Friday, August 29, 2008
Thursday, August 28, 2008
When you a buyer does a short sale to assist them in the sell of their home, it will show up on their credit, even if the investor agrees to accept the balance as paid in full. When the seller of that home attempts to purchase their next home and completes the loan application form, there is a question "Have you ever had title or deed transferred in lieu of foreclosure". The correct answer would be "Yes". NOW is when there is the issue ...lenders DO view a short sale (or any mortgage 120 days or more past due, for that matter) the same as a foreclosure. Start the clock ticking, cause now we have to wait three or four years (depending on the loan program) to get them approved for the new loan.
Few sellers are actually told this!
However, it would seem that SOME sellers did understand this upfront. So, they acquired a new home before letting the existing home go into default or positioning themselves for a possible short sale. They "leased" out the current home so they weren't hit with two payments and could qualify for the loan on the new home. And when the "lease" would fall through, the seller would then quit making the monthly payment on the initial home not caring about the impact on their credit.
So now guess what? The guidelines have changed on accepting a lease agreement to offset the current mortgage payment.... and it's not pretty! We no longer can accept just a signed lease agreement, but we now also have to document the deposit AND the property must have 30% equity in the existing home!!! (This new rule does not apply to government loans.)
So I ask you, how many today have 30% equity in a home they are thinking about renting? But the better question is who with 30% equity would let it go into foreclosure?
Friday, August 22, 2008
Thursday, August 21, 2008
There is a lot of conversation going back and forth as to whether this is a good thing, or not a good thing. You be the judge. And to help you with that, check out this link from Realty Resource that gives charts and samples of the credit based on income and the repayment schedule:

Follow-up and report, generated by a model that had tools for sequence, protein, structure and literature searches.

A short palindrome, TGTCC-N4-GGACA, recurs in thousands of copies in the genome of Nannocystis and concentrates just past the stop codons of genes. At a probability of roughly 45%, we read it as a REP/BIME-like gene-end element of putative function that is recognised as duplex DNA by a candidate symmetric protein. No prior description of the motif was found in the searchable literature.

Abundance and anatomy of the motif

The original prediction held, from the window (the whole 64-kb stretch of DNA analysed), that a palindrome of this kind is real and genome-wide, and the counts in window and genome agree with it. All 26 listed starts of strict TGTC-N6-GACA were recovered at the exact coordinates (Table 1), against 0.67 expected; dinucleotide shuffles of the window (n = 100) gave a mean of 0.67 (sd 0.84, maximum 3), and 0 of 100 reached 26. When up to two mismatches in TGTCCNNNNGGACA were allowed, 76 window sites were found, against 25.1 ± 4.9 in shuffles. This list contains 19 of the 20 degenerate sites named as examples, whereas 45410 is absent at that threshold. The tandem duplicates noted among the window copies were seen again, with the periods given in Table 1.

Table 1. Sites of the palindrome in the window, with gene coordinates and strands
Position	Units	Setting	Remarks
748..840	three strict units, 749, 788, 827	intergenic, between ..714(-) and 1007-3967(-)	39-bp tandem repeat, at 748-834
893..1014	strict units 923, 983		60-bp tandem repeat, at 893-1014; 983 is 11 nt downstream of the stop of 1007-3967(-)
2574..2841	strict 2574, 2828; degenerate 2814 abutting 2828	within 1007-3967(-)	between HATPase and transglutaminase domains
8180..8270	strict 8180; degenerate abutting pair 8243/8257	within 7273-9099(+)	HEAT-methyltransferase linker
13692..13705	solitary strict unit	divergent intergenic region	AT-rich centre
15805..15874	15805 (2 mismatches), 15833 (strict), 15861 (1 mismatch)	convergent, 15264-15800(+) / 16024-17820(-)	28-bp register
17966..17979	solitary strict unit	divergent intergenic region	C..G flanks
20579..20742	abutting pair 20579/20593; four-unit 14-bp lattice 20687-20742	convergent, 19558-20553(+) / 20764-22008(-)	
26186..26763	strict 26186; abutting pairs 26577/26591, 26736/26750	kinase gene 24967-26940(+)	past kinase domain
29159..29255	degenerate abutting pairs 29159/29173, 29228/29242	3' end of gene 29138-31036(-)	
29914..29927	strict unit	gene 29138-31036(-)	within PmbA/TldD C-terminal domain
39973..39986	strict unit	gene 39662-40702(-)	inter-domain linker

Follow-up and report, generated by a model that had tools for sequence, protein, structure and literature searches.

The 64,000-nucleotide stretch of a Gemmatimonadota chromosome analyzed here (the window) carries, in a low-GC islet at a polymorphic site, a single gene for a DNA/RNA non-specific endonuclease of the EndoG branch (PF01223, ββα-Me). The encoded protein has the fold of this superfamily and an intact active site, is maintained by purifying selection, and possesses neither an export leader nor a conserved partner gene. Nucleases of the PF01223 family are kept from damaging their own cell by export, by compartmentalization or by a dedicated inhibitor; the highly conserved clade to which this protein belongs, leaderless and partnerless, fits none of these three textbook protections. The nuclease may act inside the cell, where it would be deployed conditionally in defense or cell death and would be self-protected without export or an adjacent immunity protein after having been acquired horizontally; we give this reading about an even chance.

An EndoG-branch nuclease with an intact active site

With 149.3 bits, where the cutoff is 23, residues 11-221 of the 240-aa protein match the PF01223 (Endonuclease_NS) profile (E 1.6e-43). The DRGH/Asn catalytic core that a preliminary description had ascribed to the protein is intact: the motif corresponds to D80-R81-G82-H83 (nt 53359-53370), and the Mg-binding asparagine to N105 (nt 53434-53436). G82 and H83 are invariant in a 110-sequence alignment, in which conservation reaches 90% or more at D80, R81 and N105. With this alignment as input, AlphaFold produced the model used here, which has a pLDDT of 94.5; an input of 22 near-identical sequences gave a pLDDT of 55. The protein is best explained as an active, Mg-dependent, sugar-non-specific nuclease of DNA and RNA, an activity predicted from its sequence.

Wednesday, August 20, 2008
So, I'm going to try and break this down into bite-sized tidbits as it affects our business daily.
The first BIG issue to prepare for is the increase of the minimum FHA down payment. As of October 1, 2008 the required down payment will go to 3.5%. (Previously the minimum investment was 3 per cent; 2.25% could be down payment and .75% in closing costs.)
This ties in directly with another big change regarding down payments: DOWN PAYMENT ASSISTANCE PROGRAMS. As of October 1, 2008 any seller assisted DPA program is no longer acceptable. The specific dates as it relates to DPA programs:
- Loan must be final approved (including the FHA case number assignment) by September 30th.
- The loan must CLOSE by October 31st.
(For more information on the actions taken since October 2007 with DPA, check out: http://activerain.com/blogsview/255218/Down-Payment-Assistant-Programs.)
This is not to be confused with most bond programs. In Colorado we are particulary fond of the CHFA's MRB First Step w/a CHFA 2nd program (http://www.chfainfo.com/). Even though the FHA down payment will be increased from a total of 3% to 3.5% of sales price, this CHFA program will stay at 3% (off total loan amount) at this time. HOWEVER, keep in mind that CHFA requires a minimum of $1,000 of the borrowers' own funds be invested in the property, it may not be a big change anyway (depending on whether the seller has agreed to pay all other closing costs and prepaids).
Stay tuned for more to come on HERA and the effect on our business day to day...